# In a DDQN architecture, why is the value of a state assumed to be the average of the Q values of the actions?

In a Dueling DQN agent (Wang et al.), the Q function is decomposed as

$$Q(s, a)=V(s) + A(s, a) - \frac{1}{|A|}\sum_{a'\in \mathcal{A}}A(s, a')$$

representing the value of the state, plus the advantage of the action, minus the average advantage of all actions available in that state.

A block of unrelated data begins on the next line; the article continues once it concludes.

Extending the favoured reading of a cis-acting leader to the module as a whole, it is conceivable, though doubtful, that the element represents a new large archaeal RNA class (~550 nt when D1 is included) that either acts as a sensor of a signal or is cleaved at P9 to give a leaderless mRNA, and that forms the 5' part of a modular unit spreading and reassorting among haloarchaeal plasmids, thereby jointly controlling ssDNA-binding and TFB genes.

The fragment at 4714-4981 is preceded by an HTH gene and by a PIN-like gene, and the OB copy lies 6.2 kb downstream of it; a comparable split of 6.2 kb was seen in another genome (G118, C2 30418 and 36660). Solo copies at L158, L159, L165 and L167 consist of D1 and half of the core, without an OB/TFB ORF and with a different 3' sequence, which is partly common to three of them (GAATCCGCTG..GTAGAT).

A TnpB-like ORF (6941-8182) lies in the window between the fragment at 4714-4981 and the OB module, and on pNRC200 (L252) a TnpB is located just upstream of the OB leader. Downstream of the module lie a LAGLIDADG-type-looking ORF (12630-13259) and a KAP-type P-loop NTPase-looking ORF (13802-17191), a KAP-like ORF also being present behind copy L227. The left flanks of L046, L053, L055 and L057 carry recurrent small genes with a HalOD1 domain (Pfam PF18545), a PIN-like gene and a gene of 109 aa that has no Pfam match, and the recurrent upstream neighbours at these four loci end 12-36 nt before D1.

However, this formulation means that the value of the given state is skewed, even after subtracting out the mean advantage of all actions available. Why isn't it set up so that the advantage of the best action is 0 (with the other actions' advantages being negative), thus leading to a more accurate $$V(s)$$?

Furthermore, the authors attempt a softmax version, but they find it doesn't perform that differently than the average-advantage version. I couldn't find any additional experiments using this, but it may be worth trying if it is absolutely necessary to obtain an accurate $$V(s)$$.